Dreams of owning a house in this economy, for many of us, have gone south. The fact is, with patience and level head, saving for your first house needn’t be difficult.
As little girls, many of us dreamed of marrying the prince on a white horse and then having our very own castle too. Maybe the “dream castle” was a little cottage in the country with a white picket fence or a hi-rise condo in the city. Whether or not the prince ever came along, our dream for a mortgage on a place that would one day be ours never wavered. The challenge is making it happen in this topsy-turvy economy. Where do you start?
Where to start?
Do you have a job? If so, you’re starting out in a good position. Your employer can offer the best way to start saving for your first house. The secret is an employer sponsored tax sheltered retirement vehicle.
What’s an employer sponsored tax sheltered retirement vehicle?
Many employers offer a pre-tax long-term savings plan like 401K or IRA plans. An amount of pre-tax money, determined by you, is deducted from each paycheck and put into a special investment account. Frequently, your employer will match the amount you’re depositing into the account, bring up the balance even faster. These accounts accrue a balance toward your retirement with pre-tax money and can add up faster than a basic savings account, but hold a stiff penalty for early withdrawals.
How can this help me save for a house?
Tax sheltered retirement vehicles offer a one-time exemption for first time homebuyers allowing you to withdraw, without penalty, up to $50,000 before the age 59.5. This means saving for your first house faster, often with the help of your employer’s matching funds.
What if I’m self-employed or my employer doesn’t offer a tax sheltered retirement vehicle?
Opening a money market savings account that offers a higher interest rate than a basic savings account will help in saving for your first house. Setting up automatic withdrawal from your checking into this savings account will guarantee a consistent growth in balance. Soon, you will have saved up enough in this account to open an IRA through the bank. The IRA will enable you to build equity even faster, as well as take advantage of the first time buyer’s exemption.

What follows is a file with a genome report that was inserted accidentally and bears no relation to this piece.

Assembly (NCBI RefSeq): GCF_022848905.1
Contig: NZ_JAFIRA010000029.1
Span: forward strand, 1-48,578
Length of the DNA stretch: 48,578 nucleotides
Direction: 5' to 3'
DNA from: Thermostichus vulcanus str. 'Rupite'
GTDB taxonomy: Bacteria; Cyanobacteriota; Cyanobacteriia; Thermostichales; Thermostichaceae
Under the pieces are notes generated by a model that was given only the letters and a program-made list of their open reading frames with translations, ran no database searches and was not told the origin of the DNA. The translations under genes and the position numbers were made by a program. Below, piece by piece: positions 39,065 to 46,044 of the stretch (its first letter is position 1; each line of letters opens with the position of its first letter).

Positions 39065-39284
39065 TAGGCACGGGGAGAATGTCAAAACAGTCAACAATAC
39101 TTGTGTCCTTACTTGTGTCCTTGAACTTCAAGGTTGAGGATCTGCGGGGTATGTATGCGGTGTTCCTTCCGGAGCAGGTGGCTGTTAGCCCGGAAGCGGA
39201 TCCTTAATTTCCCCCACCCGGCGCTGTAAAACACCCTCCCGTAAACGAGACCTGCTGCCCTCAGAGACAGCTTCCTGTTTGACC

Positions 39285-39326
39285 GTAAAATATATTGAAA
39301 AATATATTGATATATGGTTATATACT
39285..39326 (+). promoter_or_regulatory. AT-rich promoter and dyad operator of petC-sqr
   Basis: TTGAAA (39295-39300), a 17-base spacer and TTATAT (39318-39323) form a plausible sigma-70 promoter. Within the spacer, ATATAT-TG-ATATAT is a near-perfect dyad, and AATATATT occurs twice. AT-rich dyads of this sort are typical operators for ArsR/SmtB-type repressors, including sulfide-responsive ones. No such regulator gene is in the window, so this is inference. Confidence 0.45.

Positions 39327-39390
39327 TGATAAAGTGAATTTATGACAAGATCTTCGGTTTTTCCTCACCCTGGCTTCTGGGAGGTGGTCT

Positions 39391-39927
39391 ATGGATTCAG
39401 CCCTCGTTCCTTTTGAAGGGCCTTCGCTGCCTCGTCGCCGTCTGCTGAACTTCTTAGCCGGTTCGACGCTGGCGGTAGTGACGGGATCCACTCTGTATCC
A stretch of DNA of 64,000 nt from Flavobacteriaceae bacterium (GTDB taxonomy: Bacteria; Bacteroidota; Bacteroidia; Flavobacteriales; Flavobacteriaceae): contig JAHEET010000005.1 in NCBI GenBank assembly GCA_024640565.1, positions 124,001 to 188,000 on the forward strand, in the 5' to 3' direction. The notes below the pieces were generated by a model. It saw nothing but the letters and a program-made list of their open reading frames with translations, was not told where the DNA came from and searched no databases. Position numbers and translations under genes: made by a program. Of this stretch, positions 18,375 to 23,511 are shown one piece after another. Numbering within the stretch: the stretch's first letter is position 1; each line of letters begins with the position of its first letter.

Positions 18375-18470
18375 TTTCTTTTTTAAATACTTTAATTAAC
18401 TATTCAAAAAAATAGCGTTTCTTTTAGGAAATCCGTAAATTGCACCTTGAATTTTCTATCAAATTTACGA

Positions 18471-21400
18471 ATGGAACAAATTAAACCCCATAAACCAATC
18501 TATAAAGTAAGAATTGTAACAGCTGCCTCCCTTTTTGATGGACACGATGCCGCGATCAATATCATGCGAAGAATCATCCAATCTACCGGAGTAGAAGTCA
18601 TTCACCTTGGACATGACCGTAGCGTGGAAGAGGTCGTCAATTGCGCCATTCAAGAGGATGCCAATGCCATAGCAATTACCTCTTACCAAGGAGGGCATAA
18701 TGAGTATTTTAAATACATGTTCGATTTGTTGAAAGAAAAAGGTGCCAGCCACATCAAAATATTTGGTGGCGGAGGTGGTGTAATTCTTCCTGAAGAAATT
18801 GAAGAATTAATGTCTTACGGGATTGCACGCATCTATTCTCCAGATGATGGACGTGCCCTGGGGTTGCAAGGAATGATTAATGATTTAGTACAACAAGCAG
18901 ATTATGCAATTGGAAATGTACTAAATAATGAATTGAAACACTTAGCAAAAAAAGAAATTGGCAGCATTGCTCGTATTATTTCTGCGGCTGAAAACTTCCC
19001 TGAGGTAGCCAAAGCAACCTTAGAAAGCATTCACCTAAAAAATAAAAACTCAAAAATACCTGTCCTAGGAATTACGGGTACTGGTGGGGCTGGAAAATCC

Won’t taking money out of my retirement fund for a house hurt my long-term retirement savings?
Sure, a lower amount in the account will mean, in the long term, the balance will not compound as quickly. Buying a house, however, is a life choice in the style you’d like to live and this may be your only means for achieving it. On the plus side, you’ll be diversifying a portion of your investment into the house as a real estate investment. This could bring you a positive return, depending on the market at the time you sell. Also, portions of your mortgage payment can also be used as a tax deduction, lowering your yearly income taxes.
Is there anything else I can do to help with my first time home purchase?
You can take advantage of an FHA program allowing you to purchase a modestly priced house with only 3% down.
What precautions should I take?
Of course, it’s a wise idea to consult with a professional financial advisor for advice that best fits your situation. In addition, a tax professional should always be consulted prior to setting up a tax-sheltered vehicle or taking any withdrawal of tax sheltered funds.
Don’t wait! Build your dream house a little at a time starting today.
Don’t wait for your prince to come along or for the economy to change. Start taking steps to saving for your first house today. With careful research, patience and a commitment to being a devoted and consistent saver, your castle will become a reality before you know it.
IMPORTANT MONEY ADVICE IN ANY LIFE SITUATION!
Start saving at an early age! Be consistent and regular about saving. Even saving a small amount per paycheck will add up and compound quickly, allowing you to fulfill your life’s dreams for the present and for the future. Don’t put it off until tomorrow, even if you are only able to save a few dollars from your paycheck today.
Resource: Bryce Molloy, Licensed Banker, Chase Investment Services, J. P. Morgan Chase Bank, firstname.lastname@example.org